• Landlord Unreasonably Withholds Consent To Below-Market-Rate Sublease
  • May 19, 2003 | Author: Harris Ominsky
  • Law Firm: Blank Rome LLP - Philadelphia Office
  • A recent case highlights how important it is to define standards for a landlord to approve assignments or subleasing by a tenant. In National Union Fire Insurances Co. v. Rose, 760 N.E. 2d 791 (Mass. App. Ct. 2002), a tenant with an 11-year lease of office space in downtown Boston requested the landlord's consent to a sublease, and the landlord refused on grounds that the sublease rent was inadequate. The lease provided that the landlord's consent could not be "unreasonably withheld." It also gave the landlord 75% of any subleasing "profits" made by the tenant. Essentially, that percentage was to be based on the amount of rent received from a sublease to the extent it exceeded the amount paid by the tenant under the prime lease. That was to be calculated after allowing for certain defined costs associated with facilitating the subtenacy.

    The tenant had decided to sublease to one of its major customers at the same square foot rental rate as in the prime lease, but in the period since that lease had been signed, market rates had increased. Therefore, the landlord withheld the consent on the theory that the tenant had an obligation to sublease only at market rents, and if it did not do so, it would be denying the landlord its share of excess rent as set forth in the prime lease.

    Appeals Court

    The Massachusetts Appeals Court found that the landlord had improperly withheld consent and that the rental-sharing provision in the lease did not obligate the tenant to sublease at market rates. It agreed with the lower court's conclusion that: "Profit sharing is operative only 'if' sublease rent exceeds tenants' rent, which it does not."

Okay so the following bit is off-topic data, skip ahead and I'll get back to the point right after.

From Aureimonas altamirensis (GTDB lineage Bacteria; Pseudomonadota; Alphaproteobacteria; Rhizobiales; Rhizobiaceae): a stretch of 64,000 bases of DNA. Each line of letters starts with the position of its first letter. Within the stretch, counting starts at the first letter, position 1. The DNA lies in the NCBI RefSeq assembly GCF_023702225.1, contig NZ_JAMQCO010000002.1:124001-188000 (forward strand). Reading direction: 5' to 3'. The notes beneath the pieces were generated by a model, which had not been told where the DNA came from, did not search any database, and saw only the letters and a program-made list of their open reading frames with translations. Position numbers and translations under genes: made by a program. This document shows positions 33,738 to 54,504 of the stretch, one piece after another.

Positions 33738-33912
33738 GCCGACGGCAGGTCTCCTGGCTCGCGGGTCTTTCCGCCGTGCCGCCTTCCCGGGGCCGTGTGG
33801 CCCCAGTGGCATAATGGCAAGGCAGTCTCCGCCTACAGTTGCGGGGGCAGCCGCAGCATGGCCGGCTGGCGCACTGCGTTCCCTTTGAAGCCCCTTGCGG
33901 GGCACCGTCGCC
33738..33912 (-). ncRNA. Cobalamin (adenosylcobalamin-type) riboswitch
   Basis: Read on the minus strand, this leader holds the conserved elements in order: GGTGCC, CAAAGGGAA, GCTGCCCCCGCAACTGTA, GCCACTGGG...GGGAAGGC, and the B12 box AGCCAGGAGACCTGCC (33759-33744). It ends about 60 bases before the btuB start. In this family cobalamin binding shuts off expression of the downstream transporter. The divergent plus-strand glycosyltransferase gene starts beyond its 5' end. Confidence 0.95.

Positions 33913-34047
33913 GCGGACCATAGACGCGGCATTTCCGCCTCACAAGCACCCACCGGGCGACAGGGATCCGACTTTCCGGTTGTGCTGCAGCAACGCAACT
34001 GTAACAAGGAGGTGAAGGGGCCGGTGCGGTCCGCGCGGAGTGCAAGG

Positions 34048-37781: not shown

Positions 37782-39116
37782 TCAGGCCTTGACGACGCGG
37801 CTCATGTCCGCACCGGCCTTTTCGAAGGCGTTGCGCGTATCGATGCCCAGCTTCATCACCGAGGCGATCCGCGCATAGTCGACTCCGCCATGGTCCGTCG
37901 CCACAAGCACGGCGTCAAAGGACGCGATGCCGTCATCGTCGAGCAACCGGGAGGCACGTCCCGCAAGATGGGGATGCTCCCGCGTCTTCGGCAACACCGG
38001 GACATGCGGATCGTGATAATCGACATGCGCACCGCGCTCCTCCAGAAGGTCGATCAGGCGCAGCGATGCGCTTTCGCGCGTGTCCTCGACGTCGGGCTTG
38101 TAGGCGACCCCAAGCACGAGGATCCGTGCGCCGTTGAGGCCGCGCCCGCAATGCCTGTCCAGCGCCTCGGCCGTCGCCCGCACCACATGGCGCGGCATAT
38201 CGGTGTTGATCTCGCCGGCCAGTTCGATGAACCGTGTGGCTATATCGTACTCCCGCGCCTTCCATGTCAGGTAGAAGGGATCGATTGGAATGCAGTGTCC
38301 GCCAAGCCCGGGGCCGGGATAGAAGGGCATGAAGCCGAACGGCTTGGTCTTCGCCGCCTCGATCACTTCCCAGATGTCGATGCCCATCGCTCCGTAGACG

Obviously, the landlord could have protected itself in the prime lease by specifically stating that it did not have to consent to a sublease at less than market rental. Because it did not do so, the court refused to imply such a provision.

    Some landlords insist on setting the sublease rent at the contract rental, as it may increase by a CPI (Consumer Price Index) formula. They may spell out that if the tenant should sublease at less than a fair market rate, it would still have to share with the landlord in the same way as if it had received a fair market rate. In effect, the tenant would have to share an "imputed profit" during the sublease. Of course, if the lease had provided for that, since the landlord would not be losing profit from the less-than-market rent, the landlord would have even less of a reason to justify turning down the sublease.

    From the tenant's perspective, the right to sublease at less-than-market rates can serve as a safety valve in offsetting its rent obligations to the landlord if it must vacate. For example, it may be going out of business or it may have to move to different or larger offices.

    Sweetheart Rent

    Unless these types of provisions are buttoned down, it would be easy to imagine a scenario where the tenant could take advantage of the landlord. For example, in National Union Fire Insurance Co., the tenant was subleasing to a major customer at below-market rates. It would be difficult for the landlord to figure out whether the customer made up for the "sweetheart rent" by benefiting the tenant in some other subtle way.

    Under different circumstances, landlords might object to subleasing at less than the market rent because they are concerned about vacancies in other parts of the building, and the competition with its own tenant for leasing prospects. The landlord could then lose a potential tenant to the subtenant because of a lower rent than it has been offering, and in addition, that lower rent could affect the ability of the landlord to receive the prevailing rental rate in other space that becomes vacant. Also, some landlords will reserve the right to withhold consent to subleasing at any rent when these landlords are attempting to rent other space either in the same building or a nearby building. These are some of the reasons why landlords will want to spell out that they will not have to consent to subleasing or assignment under those conditions.